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Learning Classifier Systems for Multi-Objective Reinforcement Learning Problems

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posted on 2022-11-17, 19:41 authored by Xiu Cheng

The real world is full of problems with multiple conflicting objectives. However, Reinforcement Learning (RL) traditionally deals with only a single learning objective. Recently, several Multi-Objective Reinforcement Learning (MORL) algorithms have been proposed. Nevertheless, many of these algorithms rely on tabular representations of the value function, which are only suitable for solving small-scale problems. In addition, although some existing MORL techniques can learn the Pareto optimal solutions, they can only be applied to simple multi-step problems in a discrete Markov environment. However, many real-world problems involve partially-observable continuous environments, where continuous environments are often discretise before the systems learn the best policies from a starting to a goal state. Therefore, effective MORL techniques are needed to address these problems.

Learning Classifier Systems (LCSs) have been widely used to tackle RL problems as they have a good generalization ability and provide a simple, understandable rule-based solution. The rule-based solution has good scalability to solve large-scale problems. In addition, the rule-based solution is explainable. Thus the user is not only able to know what the solution is but understand why the solution is suited to the task and when to trust the solution. Moreover, the accuracy-based LCS, XCS, has been adopted successfully for single-objective RL problems. Thus, LCSs, especially XCS, have huge potential to solve MORL problems.

In this thesis, LCSs are enabled to learn the Pareto optimal policies for discrete, partially-observable, discrete and continuous MORL problems. The objectives are to develop XCS-based algorithms to learn the Pareto optimal policies for MORL problems, improve the generalization ability of the multi-objective XCS-based algorithm where possible, evaluate the generalization ability of developed multi-objective XCS-based algorithms for solving MORL problems, and apply multi-objective XCS-based algorithms to solve large-scale partially-observed MORL problems. The following tasks have been completed in this thesis.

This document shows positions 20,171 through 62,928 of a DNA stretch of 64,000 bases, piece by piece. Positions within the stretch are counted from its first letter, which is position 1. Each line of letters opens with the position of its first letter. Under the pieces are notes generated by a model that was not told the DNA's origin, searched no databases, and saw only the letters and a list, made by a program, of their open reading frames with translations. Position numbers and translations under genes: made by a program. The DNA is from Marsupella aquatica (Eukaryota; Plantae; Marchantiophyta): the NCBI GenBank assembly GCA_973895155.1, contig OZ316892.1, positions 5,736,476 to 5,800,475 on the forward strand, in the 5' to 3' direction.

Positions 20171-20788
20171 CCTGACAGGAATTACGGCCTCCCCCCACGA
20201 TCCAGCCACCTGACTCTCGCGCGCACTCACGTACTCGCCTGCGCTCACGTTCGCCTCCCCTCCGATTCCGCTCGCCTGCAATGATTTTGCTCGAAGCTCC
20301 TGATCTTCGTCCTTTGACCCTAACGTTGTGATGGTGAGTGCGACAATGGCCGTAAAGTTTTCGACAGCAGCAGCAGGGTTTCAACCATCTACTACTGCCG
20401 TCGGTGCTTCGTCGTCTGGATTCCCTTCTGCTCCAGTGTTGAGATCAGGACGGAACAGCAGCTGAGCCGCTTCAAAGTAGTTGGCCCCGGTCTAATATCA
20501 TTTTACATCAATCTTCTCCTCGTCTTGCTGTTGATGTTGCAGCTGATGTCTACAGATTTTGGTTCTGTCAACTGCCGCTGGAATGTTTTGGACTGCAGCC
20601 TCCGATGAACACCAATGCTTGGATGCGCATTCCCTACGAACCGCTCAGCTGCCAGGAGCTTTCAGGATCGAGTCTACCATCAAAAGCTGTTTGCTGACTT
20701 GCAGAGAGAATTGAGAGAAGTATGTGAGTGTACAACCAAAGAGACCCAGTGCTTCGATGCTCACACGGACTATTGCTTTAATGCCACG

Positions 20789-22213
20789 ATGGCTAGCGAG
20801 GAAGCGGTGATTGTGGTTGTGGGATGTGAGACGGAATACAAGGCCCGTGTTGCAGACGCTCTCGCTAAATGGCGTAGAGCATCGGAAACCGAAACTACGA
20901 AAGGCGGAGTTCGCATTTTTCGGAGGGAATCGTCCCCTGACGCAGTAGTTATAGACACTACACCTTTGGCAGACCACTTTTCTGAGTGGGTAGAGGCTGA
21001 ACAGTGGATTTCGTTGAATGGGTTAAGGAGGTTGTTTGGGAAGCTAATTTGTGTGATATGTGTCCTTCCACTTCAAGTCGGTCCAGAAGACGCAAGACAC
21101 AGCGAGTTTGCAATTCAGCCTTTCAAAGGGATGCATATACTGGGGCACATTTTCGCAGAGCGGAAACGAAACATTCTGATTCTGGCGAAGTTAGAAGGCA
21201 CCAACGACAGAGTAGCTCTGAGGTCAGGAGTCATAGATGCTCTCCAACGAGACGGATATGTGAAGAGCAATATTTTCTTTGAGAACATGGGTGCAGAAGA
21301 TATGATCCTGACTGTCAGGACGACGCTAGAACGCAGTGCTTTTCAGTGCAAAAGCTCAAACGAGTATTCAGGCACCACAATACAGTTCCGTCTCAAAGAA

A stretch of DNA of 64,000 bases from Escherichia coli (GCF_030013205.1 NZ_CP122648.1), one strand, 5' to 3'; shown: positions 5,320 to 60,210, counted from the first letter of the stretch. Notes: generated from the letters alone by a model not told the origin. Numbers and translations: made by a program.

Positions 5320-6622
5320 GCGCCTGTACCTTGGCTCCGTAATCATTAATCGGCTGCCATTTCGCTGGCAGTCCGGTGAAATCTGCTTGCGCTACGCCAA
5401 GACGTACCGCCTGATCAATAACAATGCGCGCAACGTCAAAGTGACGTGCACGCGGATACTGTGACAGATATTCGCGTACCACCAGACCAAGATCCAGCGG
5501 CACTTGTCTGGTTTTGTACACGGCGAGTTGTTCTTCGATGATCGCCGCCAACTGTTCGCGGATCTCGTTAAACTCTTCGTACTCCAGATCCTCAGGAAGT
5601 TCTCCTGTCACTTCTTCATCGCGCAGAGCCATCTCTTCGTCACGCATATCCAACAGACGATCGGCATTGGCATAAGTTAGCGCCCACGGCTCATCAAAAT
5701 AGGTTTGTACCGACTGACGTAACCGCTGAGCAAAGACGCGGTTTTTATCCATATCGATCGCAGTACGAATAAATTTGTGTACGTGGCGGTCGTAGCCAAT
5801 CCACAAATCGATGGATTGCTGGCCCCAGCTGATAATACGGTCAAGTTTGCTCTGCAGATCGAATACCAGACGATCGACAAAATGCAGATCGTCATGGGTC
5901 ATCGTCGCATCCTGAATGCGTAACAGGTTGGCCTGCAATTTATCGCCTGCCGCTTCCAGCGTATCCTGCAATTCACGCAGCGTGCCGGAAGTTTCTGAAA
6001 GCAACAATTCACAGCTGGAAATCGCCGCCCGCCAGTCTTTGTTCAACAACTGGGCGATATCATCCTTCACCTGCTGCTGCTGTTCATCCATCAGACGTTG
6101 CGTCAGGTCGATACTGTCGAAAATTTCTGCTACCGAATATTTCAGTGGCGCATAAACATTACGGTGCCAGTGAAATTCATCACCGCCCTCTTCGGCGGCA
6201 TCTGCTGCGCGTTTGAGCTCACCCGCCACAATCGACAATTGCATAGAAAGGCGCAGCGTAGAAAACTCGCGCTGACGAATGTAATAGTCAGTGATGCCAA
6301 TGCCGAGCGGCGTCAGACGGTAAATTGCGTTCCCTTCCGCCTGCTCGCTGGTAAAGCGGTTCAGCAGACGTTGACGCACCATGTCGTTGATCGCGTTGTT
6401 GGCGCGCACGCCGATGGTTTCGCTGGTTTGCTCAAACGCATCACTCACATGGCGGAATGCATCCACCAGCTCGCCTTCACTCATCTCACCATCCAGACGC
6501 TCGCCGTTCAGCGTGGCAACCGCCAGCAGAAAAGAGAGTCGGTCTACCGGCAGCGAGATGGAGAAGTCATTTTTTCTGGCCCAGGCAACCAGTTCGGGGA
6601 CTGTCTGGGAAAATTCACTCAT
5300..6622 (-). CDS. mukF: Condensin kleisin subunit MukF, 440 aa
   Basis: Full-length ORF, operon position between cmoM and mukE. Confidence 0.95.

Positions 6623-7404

A new multi-objective LCS-based algorithm MO-XCS has been developed based on XCS for multi-objective learning. This algorithm is designed to learn a group of Pareto optimal solutions through a single learning process. For this purpose, four technical issues in XCS have been identified and addressed. Experimental studies on three bi-objective maze problems further demonstrate the effectiveness of MO-XCS.

A new multi-objective LCS-based algorithm MOXCS, different from MO-XCS, has been developed based on XCS and MOEA/D. It employs a decomposition strategy based on MOEA/D in XCS to approximate complex Pareto Fronts. The experimental results show that on complex bi-objective maze problems, MOXCS can learn a group of Pareto optimal solutions for MORL problems without requiring huge storage. Analysis of the learned policies shows successful trade-offs between the distance to the reward and the amount of reward itself. With integer inputs, MOXCS can address the partially observable Markov problem Deep Sea Treasure. Lastly, the generalization ability of MOXCS is tested in the Multi-Maze and Multi-Maze Connection environments. However, it is shown that the Multi-Maze Connection domain is not a proper benchmark for testing the generalization ability of the MORL algorithm.

CoinRun is a continuous domain, unlike the previous Maze and Deep Sea Treasure, which are discrete. Two bi-objective CoinRun environments are developed in this thesis for testing the generalization ability of the MORL algorithm. Several changes in the developed bi-objective CoinRun environments have been made. First, they have been changed from continuous environments to the discretized environments by the technique of discretizing continuous inputs. Second, those environments have been changed from the non-Markov environments to Markov environments by adding extra characters. Third, in order to enable the agent to sense the environment a sub-actions technique has been developed; when the agent takes action several following actions will be taken automatically. With these changes and techniques, the developed bi-objective CoinRun problems are solved by MOXCS. The generalization ability of MOXCS will be evaluated by exchange those two bi-objective CoinRun environments as the training and testing environment. The evidence shows MOXCS has the generalization ability for solving the MORL problem in an unseen environment with proper training in a similar environment.

The single-objective Mountain Car is extended as a bi-objective MORL problem by adding another objective for the mountain car to take more action, `zero-throttles'. MOXCS is implemented to resolve the multi-objective mountain car problem. The result shows that MOXCS has good potential to resolve this large-scale Markov problem.

This research work has shown that the LCS-based algorithms can learn Pareto optimal policies for the discrete, partially-observed, and adapted continuous MORL problems and have the potential to scale to complex, large-scale MORL problems.


Copyright Date


Date of Award



Te Herenga Waka—Victoria University of Wellington

Rights License


Degree Discipline

Computer Science

Degree Grantor

Te Herenga Waka—Victoria University of Wellington

Degree Level


Degree Name

Doctor of Philosophy

ANZSRC Type Of Activity code

1 Pure basic research

Victoria University of Wellington Item Type

Awarded Doctoral Thesis



Victoria University of Wellington School

School of Engineering and Computer Science


Zhang, Mengjie; Browne, Will Neil